Tuesday, August 9, 2016

Homily for 10 Aug 2016

10 Aug 2016

“Stewardship” is a word that carries a lot of baggage.  In the church setting, it usually means somebody wants money; that’s what “stewardship” means.  And that’s too bad, because it’s really a beautiful idea—stewardship.

If anyone’s been a baby sitter, you know what it’s like to be a steward.  If you’ve ever planted a garden, you know what it’s like to be a steward.  If you’re somebody who likes to do what you’re good at, you know what it’s like to be a steward.  A steward is a caretaker, a nurturer, somebody who realizes that creation—and all that’s in it—is a gift from God.  A steward is someone who loves to see life lived to the fullest.

And so, it’s a shame that stewardship has become just a code word that means: People want your money. It’s much deeper than that.  It isn’t that “people want your money”—it’s that “God wants you!”  Our life, our existence is a gift from God.  We didn’t earn it.  It just happened that, for each of us, one day we realized that we were a living thing, a child of God.  And we spend our whole lives trying to be the best child of God we can be.  We’re stewards of life, of faith, hope, and charity.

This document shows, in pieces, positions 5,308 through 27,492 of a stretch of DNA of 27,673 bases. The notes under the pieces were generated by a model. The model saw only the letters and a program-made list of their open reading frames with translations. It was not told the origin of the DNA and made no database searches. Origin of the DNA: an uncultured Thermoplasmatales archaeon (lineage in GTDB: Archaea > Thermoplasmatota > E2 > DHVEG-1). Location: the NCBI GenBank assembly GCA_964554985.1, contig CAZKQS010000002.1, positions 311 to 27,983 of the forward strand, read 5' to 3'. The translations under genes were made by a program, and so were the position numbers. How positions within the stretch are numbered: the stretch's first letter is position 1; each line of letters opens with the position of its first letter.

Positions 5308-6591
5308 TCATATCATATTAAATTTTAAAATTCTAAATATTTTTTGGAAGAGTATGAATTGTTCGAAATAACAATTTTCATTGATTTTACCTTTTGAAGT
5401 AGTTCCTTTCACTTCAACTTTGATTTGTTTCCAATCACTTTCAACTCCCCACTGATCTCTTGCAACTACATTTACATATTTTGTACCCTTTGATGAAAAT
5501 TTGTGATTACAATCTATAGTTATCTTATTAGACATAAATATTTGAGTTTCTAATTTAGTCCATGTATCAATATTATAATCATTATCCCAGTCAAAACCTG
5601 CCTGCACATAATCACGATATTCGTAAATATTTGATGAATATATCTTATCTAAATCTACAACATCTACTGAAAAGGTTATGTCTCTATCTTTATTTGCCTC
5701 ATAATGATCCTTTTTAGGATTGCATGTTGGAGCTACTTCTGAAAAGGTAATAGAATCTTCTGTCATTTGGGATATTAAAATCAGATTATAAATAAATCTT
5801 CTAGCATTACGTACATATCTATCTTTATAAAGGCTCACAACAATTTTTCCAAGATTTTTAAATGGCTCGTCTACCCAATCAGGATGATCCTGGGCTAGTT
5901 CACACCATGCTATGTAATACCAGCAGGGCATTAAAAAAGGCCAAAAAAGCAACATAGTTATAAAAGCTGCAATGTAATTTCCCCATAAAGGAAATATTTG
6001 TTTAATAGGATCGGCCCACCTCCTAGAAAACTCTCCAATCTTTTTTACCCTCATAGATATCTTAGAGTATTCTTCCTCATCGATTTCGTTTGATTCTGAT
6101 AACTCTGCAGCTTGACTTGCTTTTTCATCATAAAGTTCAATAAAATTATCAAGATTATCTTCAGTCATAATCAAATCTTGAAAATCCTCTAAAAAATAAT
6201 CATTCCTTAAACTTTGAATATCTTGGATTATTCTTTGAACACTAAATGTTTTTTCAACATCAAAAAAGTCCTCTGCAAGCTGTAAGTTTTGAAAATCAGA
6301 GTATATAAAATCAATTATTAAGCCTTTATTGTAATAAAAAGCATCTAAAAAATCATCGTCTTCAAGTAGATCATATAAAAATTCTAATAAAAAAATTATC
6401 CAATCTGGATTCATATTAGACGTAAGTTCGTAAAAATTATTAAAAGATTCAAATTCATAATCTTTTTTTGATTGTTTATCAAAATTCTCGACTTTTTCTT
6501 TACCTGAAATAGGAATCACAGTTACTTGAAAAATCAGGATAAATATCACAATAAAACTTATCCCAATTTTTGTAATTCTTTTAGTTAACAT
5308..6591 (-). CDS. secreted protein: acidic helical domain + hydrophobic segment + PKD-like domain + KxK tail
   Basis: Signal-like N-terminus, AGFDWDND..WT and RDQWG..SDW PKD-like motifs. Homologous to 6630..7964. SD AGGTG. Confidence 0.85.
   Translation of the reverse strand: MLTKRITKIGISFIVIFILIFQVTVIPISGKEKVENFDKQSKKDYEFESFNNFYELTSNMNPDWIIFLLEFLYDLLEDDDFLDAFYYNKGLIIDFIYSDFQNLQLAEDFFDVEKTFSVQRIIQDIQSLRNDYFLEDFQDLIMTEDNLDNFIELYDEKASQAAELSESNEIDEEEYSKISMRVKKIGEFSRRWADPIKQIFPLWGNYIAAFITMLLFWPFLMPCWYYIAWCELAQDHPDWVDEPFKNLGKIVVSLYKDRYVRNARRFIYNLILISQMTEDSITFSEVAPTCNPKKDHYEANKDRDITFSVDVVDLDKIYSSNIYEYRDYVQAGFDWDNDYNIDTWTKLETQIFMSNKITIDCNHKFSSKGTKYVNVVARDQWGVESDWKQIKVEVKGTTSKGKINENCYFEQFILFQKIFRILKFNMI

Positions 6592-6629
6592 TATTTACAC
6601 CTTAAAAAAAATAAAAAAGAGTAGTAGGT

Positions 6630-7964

Saint Paul writes that “God loves a cheerful giver;” one who gives “without sadness or compulsion.”  Ever see a teenager wake up and not want to go to school—but they do it because they have it?  Compare that with a student who wakes up and looks forward to a day of learning, a day of new adventures.  It’s that second one who’s being a steward of their life—they’re trying to live up to the potential that God put into their spirit.  They give themselves over to that potential.  And that student is a steward of their own life.

When Jesus talks about the “flowers in the field,” and how they give more glory to God than all the splendor of Solomon, he’s saying that those flowers are simply being what they were destined to be—a flower in the field.  To borrow the old Army slogan, to “Be All You Can Be” is to give glory to God, and it’s to be a good steward of the life God has given us.

And that gift of life never stops—unless, of course, we stop being good stewards of our life.  So, today, let’s remember those precious gifts that are the foundation of our life: the gifts of faith, hope, and love.  Let’s remember to pray and have faith, to have hope and take it easy, and to love and remember God who loves us first.

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